Former immigration minister Tuariki Delamere has revealed that he has aggressive bladder and prostate cancer, but is vowing to fight the disease.
The 68-year-old, now an immigration adviser, is today being warded in an Auckland hospital for surgery to remove the tumour.
Delamere says he has the love and support of family and friends and remains hopeful of making a recovery.
"Both these just came up from the blind side, and you just deal with it. I told the doc 'you do what you've got to do'," he said.
Delamere said he considered himself lucky after his doctor ordered him to have a full medical check up after finding "things were not right".
"I was lucky, if my doctor hadn't been suspicious about something, otherwise by the time I found out, it could well have been too late," he said.
"I've had cousins who've died because they wouldn't go to the doctor, they died from treatable and curable cancer, for three years they had symptoms but were found out only when they collapsed."
Delamere said he will make it his mission to urge Kiwi men to take regular cancer checks.
"If I can convince just one person to get checked, it could be one person that's saved, if you like," he said.
"Swallow your pride, and if you don't like the feeling of a doctor putting his fingers up your a*se, then ask for a nurse."
Bladder cancer makes up about 3 per cent of all malignancies diagnosed in New Zealand each year.
It is more common in men than women and people over 60 years of age are more at risk.
Delamere said he also suffers from a heart condition and has irregular heartbeat.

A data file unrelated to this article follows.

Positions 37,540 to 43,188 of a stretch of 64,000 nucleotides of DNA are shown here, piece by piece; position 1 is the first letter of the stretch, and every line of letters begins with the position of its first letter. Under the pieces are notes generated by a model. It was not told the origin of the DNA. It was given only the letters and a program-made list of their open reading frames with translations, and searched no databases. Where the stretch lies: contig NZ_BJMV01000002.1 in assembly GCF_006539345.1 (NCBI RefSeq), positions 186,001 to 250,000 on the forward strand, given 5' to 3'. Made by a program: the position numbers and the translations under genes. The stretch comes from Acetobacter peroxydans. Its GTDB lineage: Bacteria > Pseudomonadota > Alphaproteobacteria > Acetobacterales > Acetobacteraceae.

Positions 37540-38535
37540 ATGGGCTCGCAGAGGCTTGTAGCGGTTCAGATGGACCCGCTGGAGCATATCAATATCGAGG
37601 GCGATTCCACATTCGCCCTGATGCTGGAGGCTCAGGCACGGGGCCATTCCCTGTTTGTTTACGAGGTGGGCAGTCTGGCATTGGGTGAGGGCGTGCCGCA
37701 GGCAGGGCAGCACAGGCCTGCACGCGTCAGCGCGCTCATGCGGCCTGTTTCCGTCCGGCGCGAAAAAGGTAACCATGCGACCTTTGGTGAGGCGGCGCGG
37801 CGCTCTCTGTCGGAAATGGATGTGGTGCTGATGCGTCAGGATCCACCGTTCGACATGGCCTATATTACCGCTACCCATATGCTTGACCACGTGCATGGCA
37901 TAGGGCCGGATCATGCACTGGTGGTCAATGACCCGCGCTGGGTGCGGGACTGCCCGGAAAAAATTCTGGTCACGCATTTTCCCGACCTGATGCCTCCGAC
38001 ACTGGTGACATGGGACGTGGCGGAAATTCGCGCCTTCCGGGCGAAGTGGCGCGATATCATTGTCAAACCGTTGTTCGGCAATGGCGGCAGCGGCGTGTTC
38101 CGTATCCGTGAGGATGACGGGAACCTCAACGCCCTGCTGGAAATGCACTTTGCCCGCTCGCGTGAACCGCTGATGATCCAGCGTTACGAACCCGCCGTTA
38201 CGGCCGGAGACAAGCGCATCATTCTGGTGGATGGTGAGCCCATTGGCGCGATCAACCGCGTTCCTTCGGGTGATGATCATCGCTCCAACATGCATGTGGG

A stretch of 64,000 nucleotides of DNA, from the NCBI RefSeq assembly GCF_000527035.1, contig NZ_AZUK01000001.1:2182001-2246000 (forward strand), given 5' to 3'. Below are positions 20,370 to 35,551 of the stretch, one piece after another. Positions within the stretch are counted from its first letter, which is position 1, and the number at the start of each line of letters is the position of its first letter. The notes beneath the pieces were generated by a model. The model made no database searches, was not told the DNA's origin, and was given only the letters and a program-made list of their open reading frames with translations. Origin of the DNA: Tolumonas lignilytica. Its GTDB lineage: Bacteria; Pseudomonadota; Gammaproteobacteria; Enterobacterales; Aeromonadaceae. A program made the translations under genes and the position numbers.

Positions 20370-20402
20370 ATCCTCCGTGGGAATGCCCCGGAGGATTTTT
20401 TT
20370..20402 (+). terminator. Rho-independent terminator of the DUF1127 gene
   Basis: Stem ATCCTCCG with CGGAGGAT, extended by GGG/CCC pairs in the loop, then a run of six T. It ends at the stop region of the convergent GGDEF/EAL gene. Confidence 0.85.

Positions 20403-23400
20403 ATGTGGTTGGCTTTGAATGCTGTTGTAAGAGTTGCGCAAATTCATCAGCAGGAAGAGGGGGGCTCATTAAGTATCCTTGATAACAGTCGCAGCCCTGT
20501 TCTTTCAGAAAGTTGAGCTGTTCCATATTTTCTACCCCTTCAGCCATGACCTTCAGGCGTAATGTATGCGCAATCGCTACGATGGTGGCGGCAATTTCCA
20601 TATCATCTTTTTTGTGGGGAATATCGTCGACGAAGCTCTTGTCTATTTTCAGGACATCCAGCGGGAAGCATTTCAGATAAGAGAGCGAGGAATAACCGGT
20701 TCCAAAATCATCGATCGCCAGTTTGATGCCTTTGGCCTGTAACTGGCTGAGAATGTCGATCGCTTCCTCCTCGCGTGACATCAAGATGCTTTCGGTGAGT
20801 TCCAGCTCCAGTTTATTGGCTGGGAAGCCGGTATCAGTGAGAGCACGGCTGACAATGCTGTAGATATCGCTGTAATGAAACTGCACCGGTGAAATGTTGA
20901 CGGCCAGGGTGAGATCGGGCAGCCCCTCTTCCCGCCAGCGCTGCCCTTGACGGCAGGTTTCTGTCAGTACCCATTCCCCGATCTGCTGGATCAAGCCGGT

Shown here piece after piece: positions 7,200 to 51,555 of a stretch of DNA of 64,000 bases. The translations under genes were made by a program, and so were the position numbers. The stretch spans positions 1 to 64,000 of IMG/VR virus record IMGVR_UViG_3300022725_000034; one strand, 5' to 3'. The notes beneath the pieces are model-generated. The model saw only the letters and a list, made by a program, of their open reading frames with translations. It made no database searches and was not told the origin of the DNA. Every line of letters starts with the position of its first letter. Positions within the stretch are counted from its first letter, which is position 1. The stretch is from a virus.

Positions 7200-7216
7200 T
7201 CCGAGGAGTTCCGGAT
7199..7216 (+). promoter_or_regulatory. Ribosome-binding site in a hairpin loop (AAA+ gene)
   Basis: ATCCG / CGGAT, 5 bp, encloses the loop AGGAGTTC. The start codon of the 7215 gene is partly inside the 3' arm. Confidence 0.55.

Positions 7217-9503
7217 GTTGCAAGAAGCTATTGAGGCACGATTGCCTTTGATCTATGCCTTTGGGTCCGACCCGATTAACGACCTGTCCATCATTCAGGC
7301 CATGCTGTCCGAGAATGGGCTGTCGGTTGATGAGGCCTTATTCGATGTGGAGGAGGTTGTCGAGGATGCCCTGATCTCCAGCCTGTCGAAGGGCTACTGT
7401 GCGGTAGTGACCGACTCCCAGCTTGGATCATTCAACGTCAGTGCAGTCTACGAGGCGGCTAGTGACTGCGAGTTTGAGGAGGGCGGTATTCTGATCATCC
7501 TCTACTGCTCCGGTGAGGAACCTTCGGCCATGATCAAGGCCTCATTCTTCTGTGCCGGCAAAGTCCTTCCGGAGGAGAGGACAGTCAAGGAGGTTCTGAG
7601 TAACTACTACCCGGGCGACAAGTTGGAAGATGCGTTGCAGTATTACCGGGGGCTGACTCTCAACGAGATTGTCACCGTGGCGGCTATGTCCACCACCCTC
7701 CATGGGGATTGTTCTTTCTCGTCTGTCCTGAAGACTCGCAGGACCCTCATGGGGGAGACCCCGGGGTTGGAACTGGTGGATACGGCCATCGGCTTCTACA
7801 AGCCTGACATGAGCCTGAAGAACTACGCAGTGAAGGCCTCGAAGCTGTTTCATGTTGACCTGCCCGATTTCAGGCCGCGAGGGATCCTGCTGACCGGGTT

The former New Zealand First MP has been a successful sportsmen and represented New Zealand in long jump and triple jump in the 1974 Commonwealth Games in Christchurch.
At Washington State, he also pioneered the technique of full somersault in long jump competitions.
Delamere tried to keep things light during the interview, and joked that he could "compete in women's sports" if parts of his manhood had to be taken off.
He entered politics in the 1996 elections as a candidate in the Te Tai Rawhiti electorate, where he defeated Sir Peter Tapsell.
Delamere served as an MP until 1999, and was a member of the Cabinet during the term.
Since leaving Parliament, he established himself as an immigration adviser and founded the company of Tuariki Delamere and Associates, or TDA.
He has a reputation of fighting for hopeless cases and the underdogs.
In 2013, Delamere successfully won a case for a 22-year-old Indian man who was declined a visa under the partnership category because Immigration NZ did not believe his marriage to a 59-year-old Kiwi woman was genuine.
Delamere said he has been approached by a political party to stand as a candidate in the next election, and may consider a return to politics if he won the battle with cancer.
"I've got the love and support of my family and friends, and I'm going to fight this," he said.